Home » John Jay Scholars on the News » Sewage and the Science of Public Health – Dr. Shu-Yuan Cheng and Dr. Marta Concheiro-Guisan Track Wastewater Contaminants

Sewage and the Science of Public Health – Dr. Shu-Yuan Cheng and Dr. Marta Concheiro-Guisan Track Wastewater Contaminants

“Newtown Creek Wastewater Treatment Plant” by Pabo76 is licensed under CC BY 2.0

Wastewater is a topic that the average New Yorker doesn’t think about often, but perhaps we should. Sewage and run-off, over a billion gallons of which are treated every single day in New York City by 14 wastewater resource recovery facilities, are a valuable resource for scientists.

Wastewater sampling has been a useful tool for public health researchers tracking the COVID-19 pandemic over the last two years. The Centers for Disease Control (CDC) launched the National Wastewater Surveillance System in September 2020 as a means of tracking virus spread and community prevalence. Viral genetic material is transmitted in fecal matter to the sewers and waste treatment plants, where researchers can take samples. Their work can serve as an early warning of community spread, track variants, and inform public health strategies for responding to the virus. Even better, wastewater surveillance doesn’t require individuals to seek out healthcare in order to capture information, meaning that the resulting data can include people who may be asymptomatic, who have taken home tests, or who have not been tested at all.

Wastewater data have figured prominently in several interesting COVID-19 stories recently in the news. In January 2022 the CDC reported that mutations associated with the Omicron variant showed up in New York City wastewater in November 2021, before the variant was officially reported in South Africa and at least a week before the first U.S. case was identified via clinical testing, suggesting that Omicron was likely circulating in communities before cases could be officially confirmed. And The New York Times recently reported on mysterious fragments of viral RNA with novel mutations detected in NYC wastewater, which are stumping researchers. They haven’t been able to pin down where these fragments are coming from, nor why these mutations have not shown up in clinical testing of human or animal populations in the city.

“Pulaski Bridge Drawing” by Pabo76 is licensed under CC BY-NC-ND 2.0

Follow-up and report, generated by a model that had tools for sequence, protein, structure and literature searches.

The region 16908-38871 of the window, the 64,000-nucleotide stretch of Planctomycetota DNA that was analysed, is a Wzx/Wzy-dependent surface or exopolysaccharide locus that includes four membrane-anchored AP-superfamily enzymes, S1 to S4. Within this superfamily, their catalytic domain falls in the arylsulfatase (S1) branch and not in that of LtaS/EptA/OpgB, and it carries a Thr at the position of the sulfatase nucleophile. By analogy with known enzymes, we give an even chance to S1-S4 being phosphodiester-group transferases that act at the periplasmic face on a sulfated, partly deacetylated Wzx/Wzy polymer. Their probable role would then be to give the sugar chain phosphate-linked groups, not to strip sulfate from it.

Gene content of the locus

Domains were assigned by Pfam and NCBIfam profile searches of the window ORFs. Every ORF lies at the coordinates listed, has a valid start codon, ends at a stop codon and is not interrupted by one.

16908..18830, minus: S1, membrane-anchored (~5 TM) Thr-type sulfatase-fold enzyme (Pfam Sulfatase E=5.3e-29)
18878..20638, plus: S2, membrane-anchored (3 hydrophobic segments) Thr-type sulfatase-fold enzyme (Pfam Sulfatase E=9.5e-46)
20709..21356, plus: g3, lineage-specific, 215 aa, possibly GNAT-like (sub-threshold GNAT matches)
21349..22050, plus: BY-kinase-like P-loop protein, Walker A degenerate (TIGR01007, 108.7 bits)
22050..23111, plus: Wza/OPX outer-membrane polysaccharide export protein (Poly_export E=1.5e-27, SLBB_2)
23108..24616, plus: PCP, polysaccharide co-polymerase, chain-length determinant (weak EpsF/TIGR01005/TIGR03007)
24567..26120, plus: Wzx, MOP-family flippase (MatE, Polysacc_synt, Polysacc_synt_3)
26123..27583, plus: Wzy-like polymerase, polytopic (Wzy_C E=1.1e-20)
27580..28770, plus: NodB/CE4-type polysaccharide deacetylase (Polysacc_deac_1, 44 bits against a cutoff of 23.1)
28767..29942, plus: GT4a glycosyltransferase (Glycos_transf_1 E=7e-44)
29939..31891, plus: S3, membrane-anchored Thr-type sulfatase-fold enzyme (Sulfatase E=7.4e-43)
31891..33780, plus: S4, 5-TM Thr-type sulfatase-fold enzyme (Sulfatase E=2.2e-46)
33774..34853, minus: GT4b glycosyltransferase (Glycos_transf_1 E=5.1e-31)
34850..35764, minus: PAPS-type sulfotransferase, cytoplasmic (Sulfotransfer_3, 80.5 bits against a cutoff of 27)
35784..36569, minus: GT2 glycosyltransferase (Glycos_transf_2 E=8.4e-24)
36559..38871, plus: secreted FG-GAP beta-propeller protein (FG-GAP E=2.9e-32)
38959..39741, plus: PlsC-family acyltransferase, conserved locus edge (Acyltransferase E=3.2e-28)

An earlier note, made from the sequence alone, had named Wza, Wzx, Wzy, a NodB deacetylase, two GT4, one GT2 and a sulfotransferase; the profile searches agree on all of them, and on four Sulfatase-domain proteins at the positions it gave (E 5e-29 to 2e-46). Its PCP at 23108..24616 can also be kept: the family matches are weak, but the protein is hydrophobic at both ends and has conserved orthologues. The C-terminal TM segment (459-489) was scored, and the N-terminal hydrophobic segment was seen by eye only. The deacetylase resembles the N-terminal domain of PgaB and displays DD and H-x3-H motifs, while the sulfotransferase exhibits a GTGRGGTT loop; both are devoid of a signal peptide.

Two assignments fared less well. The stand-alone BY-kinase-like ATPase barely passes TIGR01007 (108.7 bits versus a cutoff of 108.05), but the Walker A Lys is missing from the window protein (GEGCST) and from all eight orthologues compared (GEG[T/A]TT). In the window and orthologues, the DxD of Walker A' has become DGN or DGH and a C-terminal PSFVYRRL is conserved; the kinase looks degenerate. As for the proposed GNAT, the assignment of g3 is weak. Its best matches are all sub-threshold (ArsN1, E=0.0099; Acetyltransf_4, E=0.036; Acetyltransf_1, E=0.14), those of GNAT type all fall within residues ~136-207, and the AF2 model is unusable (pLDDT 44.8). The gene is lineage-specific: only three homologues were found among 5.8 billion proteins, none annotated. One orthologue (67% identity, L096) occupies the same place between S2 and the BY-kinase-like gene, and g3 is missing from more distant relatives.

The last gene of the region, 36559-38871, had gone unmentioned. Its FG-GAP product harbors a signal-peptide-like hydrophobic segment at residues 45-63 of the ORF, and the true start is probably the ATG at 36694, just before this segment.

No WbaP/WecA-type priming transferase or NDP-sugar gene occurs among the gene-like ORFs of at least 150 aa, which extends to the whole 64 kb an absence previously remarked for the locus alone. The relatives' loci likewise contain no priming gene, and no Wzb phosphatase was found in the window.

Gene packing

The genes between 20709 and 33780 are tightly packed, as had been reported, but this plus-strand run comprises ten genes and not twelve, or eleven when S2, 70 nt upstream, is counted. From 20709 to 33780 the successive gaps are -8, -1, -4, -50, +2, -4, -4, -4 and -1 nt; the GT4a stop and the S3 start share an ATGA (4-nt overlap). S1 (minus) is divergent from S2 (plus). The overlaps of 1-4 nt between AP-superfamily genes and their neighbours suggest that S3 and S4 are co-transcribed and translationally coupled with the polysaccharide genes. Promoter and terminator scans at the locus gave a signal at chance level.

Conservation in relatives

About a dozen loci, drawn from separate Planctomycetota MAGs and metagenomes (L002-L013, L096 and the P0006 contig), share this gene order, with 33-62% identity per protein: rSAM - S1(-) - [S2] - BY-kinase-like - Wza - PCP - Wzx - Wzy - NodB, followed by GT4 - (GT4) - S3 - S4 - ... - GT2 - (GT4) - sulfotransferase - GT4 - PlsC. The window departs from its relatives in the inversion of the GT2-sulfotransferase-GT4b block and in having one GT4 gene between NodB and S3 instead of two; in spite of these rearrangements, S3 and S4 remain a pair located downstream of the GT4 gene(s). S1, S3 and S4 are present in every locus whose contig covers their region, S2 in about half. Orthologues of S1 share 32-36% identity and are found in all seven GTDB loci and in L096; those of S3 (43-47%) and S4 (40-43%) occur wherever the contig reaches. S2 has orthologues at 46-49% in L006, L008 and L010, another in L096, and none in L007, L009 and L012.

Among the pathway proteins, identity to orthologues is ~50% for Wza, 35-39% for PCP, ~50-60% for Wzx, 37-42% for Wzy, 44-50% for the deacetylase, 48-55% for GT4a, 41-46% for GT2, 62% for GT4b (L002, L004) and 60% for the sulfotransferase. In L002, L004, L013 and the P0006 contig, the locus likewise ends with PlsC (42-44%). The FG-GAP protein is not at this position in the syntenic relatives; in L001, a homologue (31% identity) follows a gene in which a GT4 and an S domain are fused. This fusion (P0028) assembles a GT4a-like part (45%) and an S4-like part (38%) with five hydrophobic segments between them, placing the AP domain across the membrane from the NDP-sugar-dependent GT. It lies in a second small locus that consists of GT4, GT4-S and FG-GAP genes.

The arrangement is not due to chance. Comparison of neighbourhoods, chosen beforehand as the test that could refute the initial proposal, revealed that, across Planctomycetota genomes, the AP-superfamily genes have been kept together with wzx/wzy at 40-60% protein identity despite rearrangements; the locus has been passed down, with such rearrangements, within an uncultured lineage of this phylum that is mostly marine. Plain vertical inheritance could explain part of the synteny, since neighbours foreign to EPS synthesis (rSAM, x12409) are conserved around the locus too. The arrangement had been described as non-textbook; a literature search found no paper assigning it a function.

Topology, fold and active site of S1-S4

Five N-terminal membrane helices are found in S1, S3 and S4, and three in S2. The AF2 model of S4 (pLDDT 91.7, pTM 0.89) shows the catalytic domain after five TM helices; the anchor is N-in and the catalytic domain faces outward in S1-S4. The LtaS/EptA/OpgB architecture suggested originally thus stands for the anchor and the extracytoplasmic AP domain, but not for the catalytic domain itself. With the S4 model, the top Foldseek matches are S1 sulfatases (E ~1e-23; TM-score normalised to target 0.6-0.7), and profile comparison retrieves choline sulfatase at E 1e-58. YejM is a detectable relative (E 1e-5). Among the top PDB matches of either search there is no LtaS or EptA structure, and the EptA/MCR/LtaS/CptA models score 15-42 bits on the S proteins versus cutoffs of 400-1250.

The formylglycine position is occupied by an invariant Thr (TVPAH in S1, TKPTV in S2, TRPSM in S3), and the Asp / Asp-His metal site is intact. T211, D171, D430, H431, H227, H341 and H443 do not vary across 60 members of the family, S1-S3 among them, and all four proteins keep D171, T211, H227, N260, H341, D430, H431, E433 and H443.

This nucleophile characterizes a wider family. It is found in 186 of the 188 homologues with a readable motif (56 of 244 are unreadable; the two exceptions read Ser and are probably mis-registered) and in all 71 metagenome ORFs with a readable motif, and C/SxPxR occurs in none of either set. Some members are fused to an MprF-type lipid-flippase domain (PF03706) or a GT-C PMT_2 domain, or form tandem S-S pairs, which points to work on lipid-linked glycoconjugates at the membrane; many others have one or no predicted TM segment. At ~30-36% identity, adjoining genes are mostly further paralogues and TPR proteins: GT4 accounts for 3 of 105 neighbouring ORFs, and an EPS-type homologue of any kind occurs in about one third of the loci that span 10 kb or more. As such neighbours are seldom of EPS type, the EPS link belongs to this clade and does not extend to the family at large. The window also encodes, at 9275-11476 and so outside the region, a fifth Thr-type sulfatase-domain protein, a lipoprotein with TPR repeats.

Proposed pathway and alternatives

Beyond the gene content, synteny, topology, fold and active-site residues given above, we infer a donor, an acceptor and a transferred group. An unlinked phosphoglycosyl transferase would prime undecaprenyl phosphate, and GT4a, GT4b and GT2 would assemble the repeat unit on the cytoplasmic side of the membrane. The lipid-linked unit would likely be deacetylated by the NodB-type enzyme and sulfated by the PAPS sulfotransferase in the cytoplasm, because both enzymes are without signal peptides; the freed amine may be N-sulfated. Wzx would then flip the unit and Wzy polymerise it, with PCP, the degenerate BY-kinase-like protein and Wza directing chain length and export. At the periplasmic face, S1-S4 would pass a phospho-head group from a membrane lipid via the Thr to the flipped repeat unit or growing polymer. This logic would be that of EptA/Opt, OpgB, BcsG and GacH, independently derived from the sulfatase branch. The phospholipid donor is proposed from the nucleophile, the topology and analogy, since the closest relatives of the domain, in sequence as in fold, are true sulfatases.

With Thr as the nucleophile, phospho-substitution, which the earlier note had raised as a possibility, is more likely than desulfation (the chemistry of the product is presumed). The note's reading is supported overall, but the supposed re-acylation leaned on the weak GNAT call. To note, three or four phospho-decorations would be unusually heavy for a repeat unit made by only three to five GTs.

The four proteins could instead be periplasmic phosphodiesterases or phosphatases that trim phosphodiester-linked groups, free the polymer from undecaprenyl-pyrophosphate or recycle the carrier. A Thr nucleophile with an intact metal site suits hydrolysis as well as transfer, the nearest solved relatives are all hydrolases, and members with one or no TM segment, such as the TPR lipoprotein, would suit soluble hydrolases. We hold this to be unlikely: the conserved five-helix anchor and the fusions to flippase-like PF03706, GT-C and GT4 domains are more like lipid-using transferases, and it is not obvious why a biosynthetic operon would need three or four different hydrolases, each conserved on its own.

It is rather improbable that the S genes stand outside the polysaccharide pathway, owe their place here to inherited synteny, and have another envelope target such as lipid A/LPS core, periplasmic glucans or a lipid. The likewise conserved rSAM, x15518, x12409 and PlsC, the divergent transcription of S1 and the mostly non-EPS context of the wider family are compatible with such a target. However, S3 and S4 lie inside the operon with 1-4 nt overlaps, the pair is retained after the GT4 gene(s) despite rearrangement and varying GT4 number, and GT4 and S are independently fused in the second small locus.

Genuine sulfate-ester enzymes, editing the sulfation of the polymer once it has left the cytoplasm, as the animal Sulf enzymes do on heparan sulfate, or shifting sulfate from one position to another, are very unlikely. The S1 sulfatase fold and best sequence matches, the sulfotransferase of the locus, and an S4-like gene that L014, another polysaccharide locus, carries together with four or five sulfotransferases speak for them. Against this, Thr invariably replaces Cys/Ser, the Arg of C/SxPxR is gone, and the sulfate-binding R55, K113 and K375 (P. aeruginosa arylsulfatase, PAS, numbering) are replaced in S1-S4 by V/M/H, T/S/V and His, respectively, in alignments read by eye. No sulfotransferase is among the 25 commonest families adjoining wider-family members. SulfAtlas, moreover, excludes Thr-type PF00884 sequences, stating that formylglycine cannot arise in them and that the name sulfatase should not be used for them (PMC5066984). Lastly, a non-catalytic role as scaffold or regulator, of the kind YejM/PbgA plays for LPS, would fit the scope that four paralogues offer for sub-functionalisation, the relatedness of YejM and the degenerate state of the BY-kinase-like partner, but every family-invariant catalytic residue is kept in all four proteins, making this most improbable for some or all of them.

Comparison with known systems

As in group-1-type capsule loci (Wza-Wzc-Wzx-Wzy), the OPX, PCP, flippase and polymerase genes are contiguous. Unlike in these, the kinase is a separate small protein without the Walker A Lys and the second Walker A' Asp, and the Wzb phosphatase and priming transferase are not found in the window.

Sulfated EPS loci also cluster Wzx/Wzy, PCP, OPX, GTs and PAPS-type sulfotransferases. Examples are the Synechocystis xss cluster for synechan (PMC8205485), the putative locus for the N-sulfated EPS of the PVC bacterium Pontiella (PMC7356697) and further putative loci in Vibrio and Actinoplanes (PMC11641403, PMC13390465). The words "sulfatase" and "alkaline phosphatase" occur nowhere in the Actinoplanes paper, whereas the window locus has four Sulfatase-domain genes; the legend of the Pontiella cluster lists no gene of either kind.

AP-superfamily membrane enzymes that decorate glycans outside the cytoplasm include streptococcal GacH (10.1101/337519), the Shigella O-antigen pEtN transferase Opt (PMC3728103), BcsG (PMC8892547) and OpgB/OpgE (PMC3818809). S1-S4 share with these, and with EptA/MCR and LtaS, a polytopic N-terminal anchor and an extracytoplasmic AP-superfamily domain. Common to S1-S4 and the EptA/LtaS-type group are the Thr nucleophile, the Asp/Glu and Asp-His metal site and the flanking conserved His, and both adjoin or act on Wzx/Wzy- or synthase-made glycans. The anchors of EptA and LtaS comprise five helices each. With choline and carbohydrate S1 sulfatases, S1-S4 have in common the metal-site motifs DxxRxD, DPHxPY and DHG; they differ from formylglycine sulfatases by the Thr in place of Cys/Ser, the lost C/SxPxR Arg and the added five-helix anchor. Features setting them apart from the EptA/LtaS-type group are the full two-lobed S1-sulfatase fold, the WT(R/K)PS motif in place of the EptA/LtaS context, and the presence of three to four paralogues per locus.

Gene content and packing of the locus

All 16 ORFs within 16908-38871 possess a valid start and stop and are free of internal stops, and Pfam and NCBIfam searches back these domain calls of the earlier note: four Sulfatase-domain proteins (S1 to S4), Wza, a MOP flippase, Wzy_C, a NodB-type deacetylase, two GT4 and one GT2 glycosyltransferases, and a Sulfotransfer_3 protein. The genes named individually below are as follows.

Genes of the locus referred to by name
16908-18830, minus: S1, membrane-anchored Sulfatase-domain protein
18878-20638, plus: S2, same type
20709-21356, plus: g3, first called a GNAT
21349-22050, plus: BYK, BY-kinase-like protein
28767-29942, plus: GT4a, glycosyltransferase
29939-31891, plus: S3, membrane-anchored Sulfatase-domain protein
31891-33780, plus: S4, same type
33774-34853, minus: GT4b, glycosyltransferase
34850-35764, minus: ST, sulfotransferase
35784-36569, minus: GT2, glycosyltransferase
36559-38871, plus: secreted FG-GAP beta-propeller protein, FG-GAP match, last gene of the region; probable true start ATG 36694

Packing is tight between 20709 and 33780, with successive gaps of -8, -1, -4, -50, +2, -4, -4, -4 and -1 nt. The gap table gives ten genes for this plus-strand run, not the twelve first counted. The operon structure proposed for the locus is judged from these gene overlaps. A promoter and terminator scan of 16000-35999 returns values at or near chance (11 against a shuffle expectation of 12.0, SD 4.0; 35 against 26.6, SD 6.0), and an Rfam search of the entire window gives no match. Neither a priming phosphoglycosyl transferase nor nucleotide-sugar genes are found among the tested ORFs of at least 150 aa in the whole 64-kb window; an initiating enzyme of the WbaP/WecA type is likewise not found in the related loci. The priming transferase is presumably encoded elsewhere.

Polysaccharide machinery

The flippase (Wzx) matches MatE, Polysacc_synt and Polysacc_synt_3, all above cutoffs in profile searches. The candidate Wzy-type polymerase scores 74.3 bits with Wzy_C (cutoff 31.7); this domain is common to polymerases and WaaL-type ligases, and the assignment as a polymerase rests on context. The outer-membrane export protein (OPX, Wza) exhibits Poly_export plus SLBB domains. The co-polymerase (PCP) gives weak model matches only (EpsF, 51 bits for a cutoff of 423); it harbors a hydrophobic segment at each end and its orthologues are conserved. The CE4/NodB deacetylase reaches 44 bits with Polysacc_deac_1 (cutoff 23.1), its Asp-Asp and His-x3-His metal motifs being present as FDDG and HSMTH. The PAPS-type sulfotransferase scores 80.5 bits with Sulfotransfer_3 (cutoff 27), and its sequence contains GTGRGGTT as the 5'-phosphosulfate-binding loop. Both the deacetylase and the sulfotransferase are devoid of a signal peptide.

Two John Jay College researchers, Dr. Shu-Yuan Cheng and Dr. Marta Concheiro-Guisan, are also big proponents of wastewater sampling studies as a public health tool. Their own research, published in 2019, tracked drug use over one year in New York City, using one-time grab samples to test for levels of cocaine, nicotine, cannabis, opioids, and amphetamines in the sewage. Now, the scientists are collaborating with non-profits that test the health of the city’s waterways, trying to correlate levels of pharmaceuticals in our rivers with the amount of harmful bacteria.

To Dr. Cheng and Dr. Concheiro-Guisan, wastewater analysis’s great strength lies in early warning and early intervention. “It’s a great tool for prediction, for public health, crime fighting, and disease [prevention] purposes,” says Dr. Cheng. “The official report is often too late, but if you can do an early intervention, find the issue and start addressing it, there’s a lot you can do.”

“We looked at wastewater because we saw the utility,” says Dr. Concheiro-Guisan. “This is a different application [than viral tracking] but with the same thought: that what we eliminate from our bodies tells you a lot about your population.”

However, the United States is late to the game. Though the CDC has had results with its national COVID-19 tracking program, both researchers lament the lack of a centralized American body to apply this research to other public health applications. They’d like to see the U.S. follow the example set in European countries, China, Australia, and increasingly in South America, where governments have applied wastewater sampling to create campaigns warning their citizens about novel psychoactives, catch drug manufacturers, and more.

“It’s a very important public health tool that is showing results,” says Dr. Concheiro-Guisan. “If you start in the biggest city in the country, if you start in New York, then others will follow.”

 

Dr. Shu-Yuan Cheng is an Associate Professor and Chair of John Jay’s Department of Sciences. Her research is in the areas of toxicology and forensic pharmacology, including the roles that environmental toxins play in neurodegenerative diseases, identifying the target genes and signaling pathways affected by environmental toxins, and investigating pharmacological mechanisms of anti-cancer medications.

 

Dr. Marta Concheiro-Guisan is Assistant Professor of Forensic Toxicology in John Jay’s Department of Sciences. Her research focuses on the development and validation of analytical methods by gas and liquid chromatography tandem mass spectrometry and their application to different specimens, the detection of drug exposure during pregnancy, and the toxicological study of new psychoactive substances.


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